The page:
The Mentalist

Season 1 Episode 12

Red Rum

Aired Wednesday 8:00 PM Jan 13, 2009 on CBS
out of 10
User Rating
363 votes

By Users

Episode Summary

When Cody Elkins, a high school football star, is found murdered, all trails point to the local witch, as her motive could be revenge for Cody stealing, torturing and killing her cat. When the CBI goes to investigate, she admits to having put a killing spell on Cody, but Jane still shows skepticism.moreless

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  • Blatant religious bigotry is entertaining?

    Kindly explain to me how an hour-long hatefest containing religious slurs, blatant stereotyping, and flat-out LIES about Wicca is entertaining. I don't get it. If they did this about Christians, there would be a riot, to say nothing of what could happen if they mocked Judaism or Islam. Please explain to me how the studio was not sued out of existence for this garbage.
  • A wicca-based episode; but why nothing about Red John?

    This was an entertaining episode although it was disappointing that after last week's episode where lots of revelations were made about Red John, this week he was completely ignored as if none of last week's episode had ever happened.

    Despite that, the storyline was enjoyable and there was lots of character development, particularly of Grace and Wayne who have some nice chemistry going. Grace surprised me with her football prowess (thank's to her dad who was a coach). Also Kimball was great, his obvious fear of magic and witches came across brilliantly. Teresa didn't have much to do but the others ade up for it.moreless
  • The cliché 'evil witchcraft' episode. The ignorance on display is extremely offensive.

    Why is it that crime series always drag out witchcraft and immediately brand it as evil? Patrick, in particular, shouldn't be spouting such rubbish – my pet peeve is the *upright* pentagram, a symbol of *protection* – given that he's worked in a related industry and should know better. I was immediately offended – the ignorant 'witch' actually used the word 'dark' and 'Wicca' in the same sentence. I'm not sure if that's ignorance on the writer's part or meant to be of the teenage character's. The first rule of Wicca is to do no harm and this little twit says she did a killing curse?! By halfway through the episode, I was *extremely* offended.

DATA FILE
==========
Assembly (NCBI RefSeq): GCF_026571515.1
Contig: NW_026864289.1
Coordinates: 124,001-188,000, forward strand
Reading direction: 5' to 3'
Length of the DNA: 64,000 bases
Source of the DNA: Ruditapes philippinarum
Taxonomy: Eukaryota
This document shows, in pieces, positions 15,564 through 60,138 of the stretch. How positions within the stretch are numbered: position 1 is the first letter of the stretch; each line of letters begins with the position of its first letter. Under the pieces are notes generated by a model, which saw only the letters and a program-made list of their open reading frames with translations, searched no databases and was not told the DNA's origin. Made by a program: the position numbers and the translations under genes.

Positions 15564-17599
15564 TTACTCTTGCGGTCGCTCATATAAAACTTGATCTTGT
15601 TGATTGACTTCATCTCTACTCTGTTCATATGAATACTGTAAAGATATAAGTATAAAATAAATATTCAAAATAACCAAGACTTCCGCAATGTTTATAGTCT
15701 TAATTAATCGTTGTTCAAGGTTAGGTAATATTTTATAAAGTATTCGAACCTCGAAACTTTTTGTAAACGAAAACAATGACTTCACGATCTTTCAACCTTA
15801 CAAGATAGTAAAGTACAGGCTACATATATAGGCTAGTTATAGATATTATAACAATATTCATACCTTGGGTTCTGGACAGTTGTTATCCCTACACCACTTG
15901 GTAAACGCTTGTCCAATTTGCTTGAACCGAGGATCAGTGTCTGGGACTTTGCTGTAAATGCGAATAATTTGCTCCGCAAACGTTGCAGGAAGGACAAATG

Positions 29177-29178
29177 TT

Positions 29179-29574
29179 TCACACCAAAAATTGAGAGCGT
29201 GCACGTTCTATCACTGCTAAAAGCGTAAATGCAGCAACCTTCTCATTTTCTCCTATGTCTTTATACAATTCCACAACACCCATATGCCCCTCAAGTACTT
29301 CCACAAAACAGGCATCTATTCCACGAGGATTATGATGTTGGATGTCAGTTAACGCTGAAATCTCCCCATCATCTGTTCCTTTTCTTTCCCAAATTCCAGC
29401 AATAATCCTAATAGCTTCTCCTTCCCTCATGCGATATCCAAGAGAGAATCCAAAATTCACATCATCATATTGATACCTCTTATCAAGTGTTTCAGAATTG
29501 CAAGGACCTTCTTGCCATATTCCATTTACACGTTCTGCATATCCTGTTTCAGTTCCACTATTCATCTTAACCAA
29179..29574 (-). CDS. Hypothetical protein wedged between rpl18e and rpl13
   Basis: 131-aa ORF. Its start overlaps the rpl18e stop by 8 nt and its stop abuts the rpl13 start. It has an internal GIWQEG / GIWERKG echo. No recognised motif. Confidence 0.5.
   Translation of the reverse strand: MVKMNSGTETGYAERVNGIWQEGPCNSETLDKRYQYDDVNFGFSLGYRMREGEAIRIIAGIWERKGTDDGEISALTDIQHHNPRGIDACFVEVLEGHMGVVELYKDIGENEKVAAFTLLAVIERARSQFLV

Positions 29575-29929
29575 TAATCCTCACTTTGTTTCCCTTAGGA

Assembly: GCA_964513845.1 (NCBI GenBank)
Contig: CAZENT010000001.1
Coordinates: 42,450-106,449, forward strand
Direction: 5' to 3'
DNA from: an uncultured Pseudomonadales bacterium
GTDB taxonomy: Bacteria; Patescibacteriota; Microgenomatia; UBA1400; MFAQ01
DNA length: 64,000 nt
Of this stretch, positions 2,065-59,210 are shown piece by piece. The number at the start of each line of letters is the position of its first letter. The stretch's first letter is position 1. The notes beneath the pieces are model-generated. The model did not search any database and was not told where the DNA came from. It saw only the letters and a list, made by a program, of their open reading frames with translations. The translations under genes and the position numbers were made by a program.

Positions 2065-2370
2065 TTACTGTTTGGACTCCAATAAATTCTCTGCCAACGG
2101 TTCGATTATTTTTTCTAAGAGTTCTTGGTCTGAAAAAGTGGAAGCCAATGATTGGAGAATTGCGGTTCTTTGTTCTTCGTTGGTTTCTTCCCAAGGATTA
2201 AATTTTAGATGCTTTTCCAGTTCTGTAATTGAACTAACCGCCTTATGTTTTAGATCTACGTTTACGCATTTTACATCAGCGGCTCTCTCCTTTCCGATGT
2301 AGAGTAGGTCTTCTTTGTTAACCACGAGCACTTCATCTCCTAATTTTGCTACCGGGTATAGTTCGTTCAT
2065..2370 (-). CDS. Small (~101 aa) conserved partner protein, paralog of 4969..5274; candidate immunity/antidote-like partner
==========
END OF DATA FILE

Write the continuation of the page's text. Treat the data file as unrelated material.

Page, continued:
This woman is a nutjob and she dares call herself a Wicca?! She's pieced together bits and pieces of stuff she probably got off the internet then called it Wicca to make it seem legit instead of the nonsense it is.

    Pet peeve – why is it so many shows use Stephen King's Shining's 'redrum' for titles of episodes which have nothing to do with the original story?!

    I'm not sure if this is the writers not doing their homework or whether it was just the character who was supposed to look unhinged, but if it was the latter, the writers never made that clear.moreless
  • Interesting and socially challenging

    I disagree with the poster that was offended by the Wiccan "misinformation".

    The wiccan character comes across as emotionally needy and slightly loopy, granted.

    Her interaction with Cho doesn't speak any more to the "evil" perception of Wicca than to the superstitious nature of Cho (which is also stereotypical--superstitious Asian).

    But her role is pivotal to exposing the real killer, when it is discovered that the victim's brother feels better protected sneaking off to her home than in his own. Without that, and without the belief of the victim's family in her "powers", the case might not have been solved.

    Most watchers (myself included) have a limited understanding of Wicca, and the main impression that came away from this episode is that it is no more violent than an abusive home life, and that it is as subject to the believers/viewers perspective as any other religious belief.moreless
  • A local "witch" becomes a suspect in a murder.

    The Mentalist fresh off its People's Choice Award victory continues to be one of the best shows on television. It's a refreshing change of pace to the rest of the CBS lineup and is just an exciting hour of television with very few dull moments, a claim very few police dramas can make.

    It's just the little things that make this show so great. From Patrick throwing the rock up and down to distract the kids to Grace having surprising knowledge of football it's just details like this that make this such a well-written program. This was similar to a past episode they've done where Patrick did not believe that a woman was a psychic, but the end result was different. Fortunately, that's all I can really complain about this was just another great episode.moreless

Trivia, Notes, Quotes and Allusions


  • TRIVIA (3)

  • QUOTES (18)